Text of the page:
1) As a noun it dates from the Old English period and can mean ‘bundle’ or ‘sheaf’. In Yorkshire it is much used with reference to bundles of peas from the seventeenth century.
1592 Mr Gayton oweth me 40 rapes of peas, South Cave
1642 Pease pullers … break the stalkes, cutte the stalkes, or else pull them up by the rootes, and then … they rowle them on forwards, tumbling them over and over till they bee as many as they thinke sufficient for a reape, Elmswell
1671 reaps of fitches lapt within some reaps of pease, Tinsley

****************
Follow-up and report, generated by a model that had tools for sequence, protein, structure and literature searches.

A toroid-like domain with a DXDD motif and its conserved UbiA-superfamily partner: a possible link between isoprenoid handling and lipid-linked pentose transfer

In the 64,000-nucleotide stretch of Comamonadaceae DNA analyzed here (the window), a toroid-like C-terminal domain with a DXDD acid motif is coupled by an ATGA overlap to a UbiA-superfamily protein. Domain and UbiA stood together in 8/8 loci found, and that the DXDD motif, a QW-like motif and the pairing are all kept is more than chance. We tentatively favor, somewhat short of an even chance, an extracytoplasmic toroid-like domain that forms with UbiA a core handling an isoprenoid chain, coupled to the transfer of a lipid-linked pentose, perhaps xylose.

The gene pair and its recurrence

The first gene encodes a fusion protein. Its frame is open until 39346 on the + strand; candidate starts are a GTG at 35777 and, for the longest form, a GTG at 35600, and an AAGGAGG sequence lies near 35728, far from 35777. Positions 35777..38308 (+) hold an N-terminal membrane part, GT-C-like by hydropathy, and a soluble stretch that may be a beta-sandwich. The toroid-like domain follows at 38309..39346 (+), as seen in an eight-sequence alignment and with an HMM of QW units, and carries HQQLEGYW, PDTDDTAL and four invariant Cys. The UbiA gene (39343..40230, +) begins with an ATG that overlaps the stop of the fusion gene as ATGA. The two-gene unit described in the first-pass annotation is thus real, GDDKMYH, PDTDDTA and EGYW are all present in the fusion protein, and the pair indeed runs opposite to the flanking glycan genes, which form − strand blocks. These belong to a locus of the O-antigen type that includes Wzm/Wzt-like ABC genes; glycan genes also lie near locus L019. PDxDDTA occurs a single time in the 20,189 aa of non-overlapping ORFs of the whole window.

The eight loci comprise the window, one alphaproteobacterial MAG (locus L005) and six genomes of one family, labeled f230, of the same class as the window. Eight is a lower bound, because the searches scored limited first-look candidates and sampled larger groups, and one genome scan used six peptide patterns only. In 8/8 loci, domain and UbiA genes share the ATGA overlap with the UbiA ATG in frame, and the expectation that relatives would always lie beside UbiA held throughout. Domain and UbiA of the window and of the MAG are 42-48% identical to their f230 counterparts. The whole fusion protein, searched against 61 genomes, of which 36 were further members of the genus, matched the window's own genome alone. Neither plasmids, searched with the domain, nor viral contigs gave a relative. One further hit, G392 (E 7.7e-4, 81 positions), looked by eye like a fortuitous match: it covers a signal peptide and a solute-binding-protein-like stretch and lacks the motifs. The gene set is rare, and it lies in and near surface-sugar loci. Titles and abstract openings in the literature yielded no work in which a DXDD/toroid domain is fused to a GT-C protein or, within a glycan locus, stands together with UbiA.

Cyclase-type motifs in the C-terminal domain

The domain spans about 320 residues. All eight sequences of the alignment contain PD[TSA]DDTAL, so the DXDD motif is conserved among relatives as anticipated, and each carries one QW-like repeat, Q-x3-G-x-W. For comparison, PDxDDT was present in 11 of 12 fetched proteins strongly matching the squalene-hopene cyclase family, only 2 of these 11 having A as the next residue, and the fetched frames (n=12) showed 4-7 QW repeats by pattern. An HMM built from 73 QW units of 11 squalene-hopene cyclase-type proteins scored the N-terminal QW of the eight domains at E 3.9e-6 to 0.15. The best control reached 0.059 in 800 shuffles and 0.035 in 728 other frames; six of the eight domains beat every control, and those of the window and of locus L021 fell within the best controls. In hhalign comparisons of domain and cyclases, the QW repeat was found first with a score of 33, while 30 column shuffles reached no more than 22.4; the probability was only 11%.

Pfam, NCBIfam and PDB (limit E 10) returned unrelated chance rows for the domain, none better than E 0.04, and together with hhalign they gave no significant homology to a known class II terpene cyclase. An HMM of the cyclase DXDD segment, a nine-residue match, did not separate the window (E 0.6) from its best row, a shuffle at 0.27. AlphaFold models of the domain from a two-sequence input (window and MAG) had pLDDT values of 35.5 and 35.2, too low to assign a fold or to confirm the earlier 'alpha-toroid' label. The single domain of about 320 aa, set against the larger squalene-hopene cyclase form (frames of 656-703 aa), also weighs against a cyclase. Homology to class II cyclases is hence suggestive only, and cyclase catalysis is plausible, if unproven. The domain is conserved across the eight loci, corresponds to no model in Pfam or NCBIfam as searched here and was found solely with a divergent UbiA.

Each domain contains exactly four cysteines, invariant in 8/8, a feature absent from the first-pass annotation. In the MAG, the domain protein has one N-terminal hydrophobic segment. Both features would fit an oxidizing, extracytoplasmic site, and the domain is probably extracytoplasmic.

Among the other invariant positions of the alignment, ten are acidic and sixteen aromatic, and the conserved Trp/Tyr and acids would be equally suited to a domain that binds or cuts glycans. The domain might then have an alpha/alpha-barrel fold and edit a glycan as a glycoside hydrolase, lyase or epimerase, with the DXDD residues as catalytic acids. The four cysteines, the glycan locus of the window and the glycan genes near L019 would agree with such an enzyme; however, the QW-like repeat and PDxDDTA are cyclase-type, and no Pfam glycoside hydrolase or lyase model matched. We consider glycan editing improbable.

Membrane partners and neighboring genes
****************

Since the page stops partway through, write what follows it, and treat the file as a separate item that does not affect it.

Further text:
1677 there was many reapes of cleane pease whereas George Bollers land was throughout struck with wild oates or thistles, Barnsley. No connection has been established with ‘reap’ as a minor place-name which occurs several times in the Pennines, especially near woodland or on the moor edge. The earliest evidence for this word is in Heptonstall: 1578 Henry Bawmefurth surrendered a parcel of land taken from the waste containing forty-three acres and three roods called parcel of the Reapes. Reap Hirst in Huddersfield dates from 1658 and Reaps in Slaithwaite from 1710. The meaning remains uncertain although it has been suggested that it referred to ‘shrubs, brushwood’. One possibility is that it related to ling or other moorland plants, marking locations where they were formerly bundled up and harvested, although no evidence for that has been found.